Rain didn’t stop the crowd as locals poured into the Bronxlandia building on March 25 to celebrate the beauty that is the Bronx with the Boogie Down for Change crawl.
The event was sponsored by Ideas 42 – a nonprofit that uses behavioral science to correct harmful narratives to help improve lives, build better systems and drive social change. Over the span of more than a decade, its impact has spread to more than 50 countries.
“We’ve been doing research for the last two years to understand the dominant narratives that are held in the Bronx and those dominant narratives were meritocracy and fatalism – our whole initiative is to combat these harmful narratives,” said Jen Tirado, Ideas 42 community coordinator and native Bronxite. “[The Bronx] is more than poverty. It’s more than just violence.”
The crawl, which served to quell negative misconceptions of the borough in areas that are often overlooked, began Saturday morning and hit six South Bronx businesses that are also encouraging the arts and providing spaces for creatives. Those who participated were split into three groups and hit the locations at different times to avoid crowding. Among the select venues were Bronx Native – a small independent and Puerto-Rican owned, Bronx-centric clothing and accessories store; Raze Up – a space that provides “smash therapy” where people can freely shatter glass, dishes and other breakable items with bats and crowbars; Sankofa Haus – a venue space, which provided a space to mingle; the Boogie Down Grind Café; and finally Bronxlandia, with the last stop culminating in a party with food, refreshments, performance, therapy sessions and a confessional.
Therapy sessions were available to ensure that participants were provided with a space to talk through anything that might have made them uncomfortable or may have triggered any emotions associated with the crawl.
“Were talking about taking members of a community and walking them through spaces that don’t necessarily feel like they belong to them and to have other Bronxites tell them, ‘you can achieve this,’” said therapist Sherrie Lilley of Centering Wholeness Counseling, which is a space specifically for Black and brown clients and therapists alike. “It’s about changing the mindset and really resetting that narrative around poverty.”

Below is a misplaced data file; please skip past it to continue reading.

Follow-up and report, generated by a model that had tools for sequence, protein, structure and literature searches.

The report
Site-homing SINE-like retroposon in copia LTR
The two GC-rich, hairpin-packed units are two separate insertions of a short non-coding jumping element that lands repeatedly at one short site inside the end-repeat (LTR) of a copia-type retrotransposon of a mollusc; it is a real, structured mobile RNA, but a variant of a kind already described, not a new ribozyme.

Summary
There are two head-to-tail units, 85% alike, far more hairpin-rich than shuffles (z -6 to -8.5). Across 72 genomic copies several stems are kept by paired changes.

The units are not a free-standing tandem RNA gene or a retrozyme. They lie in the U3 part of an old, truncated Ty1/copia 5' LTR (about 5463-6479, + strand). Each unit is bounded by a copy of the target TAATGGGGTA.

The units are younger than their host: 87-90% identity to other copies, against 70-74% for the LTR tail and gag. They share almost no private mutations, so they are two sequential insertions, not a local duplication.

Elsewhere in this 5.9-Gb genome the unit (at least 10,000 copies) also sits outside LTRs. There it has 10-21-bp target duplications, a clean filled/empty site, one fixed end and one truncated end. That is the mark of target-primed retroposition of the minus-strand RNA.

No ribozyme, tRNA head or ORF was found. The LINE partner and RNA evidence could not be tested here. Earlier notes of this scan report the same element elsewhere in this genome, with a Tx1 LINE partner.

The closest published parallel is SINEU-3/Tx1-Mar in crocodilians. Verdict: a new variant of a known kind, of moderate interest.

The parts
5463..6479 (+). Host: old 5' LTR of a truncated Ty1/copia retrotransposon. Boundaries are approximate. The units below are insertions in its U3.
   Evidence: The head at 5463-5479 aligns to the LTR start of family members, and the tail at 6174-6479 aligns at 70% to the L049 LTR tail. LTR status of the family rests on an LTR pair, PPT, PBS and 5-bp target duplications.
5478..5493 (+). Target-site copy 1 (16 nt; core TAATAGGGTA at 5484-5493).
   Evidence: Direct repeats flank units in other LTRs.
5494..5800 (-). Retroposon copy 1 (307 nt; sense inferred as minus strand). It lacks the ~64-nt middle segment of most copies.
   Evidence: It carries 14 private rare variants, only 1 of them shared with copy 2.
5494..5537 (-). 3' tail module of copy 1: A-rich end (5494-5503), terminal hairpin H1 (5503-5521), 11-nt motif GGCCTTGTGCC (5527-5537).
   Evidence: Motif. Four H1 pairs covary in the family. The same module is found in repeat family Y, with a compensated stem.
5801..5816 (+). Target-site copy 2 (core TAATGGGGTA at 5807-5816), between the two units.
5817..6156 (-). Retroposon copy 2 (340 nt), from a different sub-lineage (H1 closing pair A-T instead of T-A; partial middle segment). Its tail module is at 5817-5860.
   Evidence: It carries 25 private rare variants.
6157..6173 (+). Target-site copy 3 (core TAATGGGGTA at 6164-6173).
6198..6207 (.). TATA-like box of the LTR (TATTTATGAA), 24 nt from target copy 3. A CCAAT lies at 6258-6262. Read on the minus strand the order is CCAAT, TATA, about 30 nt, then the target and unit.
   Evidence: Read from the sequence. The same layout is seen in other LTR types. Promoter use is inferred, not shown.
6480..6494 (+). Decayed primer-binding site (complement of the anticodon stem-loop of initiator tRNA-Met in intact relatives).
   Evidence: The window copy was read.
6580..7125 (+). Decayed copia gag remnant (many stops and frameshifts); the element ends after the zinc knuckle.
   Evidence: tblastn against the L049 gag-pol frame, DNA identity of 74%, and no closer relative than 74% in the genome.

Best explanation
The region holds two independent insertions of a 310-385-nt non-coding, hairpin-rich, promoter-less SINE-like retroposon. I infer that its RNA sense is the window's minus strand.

Built in 1909, the cavernous building, known today as Bronxlandia, is a former train station that connected commuters to Grand Central. Built in the French Renaissance style with decorative dormer accents, and located at 910 Hunts Point Ave., the building takes up nearly the entire block between Garrison Avenue and Bruckner Boulevard. It ceased being a pathway for commuters in the 1930s, and in the ‘70s it became a space for individual business owners, separated by several roll-down gates. There are no doors and no windows.
Seven years ago, the space was purchased from Amtrak by Majora Carter, an award-winning urban revitalization strategist and community advocate, along with her husband James Chase. And their mission has been to create an event space for locals to showcase their creativity in their own borough, while also dispelling negative assumptions of the Bronx and its people. They also own the Boogie Down Grind Café.
“Almost 100% of the time if you want to see [artists] do whatever it is, whether they dance or they sing or they’re wrestlers or whatever, you have to go to Brooklyn and Queens,” said Chase. “There’s just not a lot of spaces like [Bronxlandia] in the Bronx.”
The performances, as part of the Saturday crawl, were also tethered to the narrative of taking back the Bronx and expressing the derision that comes from Hollywood’s portrayal of the borough.
“And it might sound like, why am I so serious? But when tourists came to take pictures by that staircase, no one was laughing,” said Lyrical Faith in her spoken word poem, “Movie Magic.” Faith is referencing the flood of people that flocked to the Guason staircase at the intersection of Shakespeare and Jerome avenues following the popularity of the hit Warner Brother’s movie, “Joker.”
And the message is pervasive.
At the Bronx Documentary Center’s new viewing, “Everyday Bronx,” opening March 31, the exhibit similarly intends to rewrite the narrative associated with the borough in what curator Rhynna Santos calls corrective history. One of the images on view is red paint graffiti along the infamous “Joker” staircase which reads, “My poverty is not your photoshoot.”
Bronxlandia will be undergoing major construction to add more bathrooms, windows, insulation and a satellite kitchen to allow for catering events. Anyone looking to rent the venue can do so via Peerspace.
“We’re tired of being treated like charity cases, like we’re problems to be solved all the time when we’re the ones with solutions for our own recovery,” said Majora Carter, a Hunts Point native.
Reach ET Rodriguez at [email protected]. For more coverage, follow us on Twitter, Facebook and Instagram @bronxtimes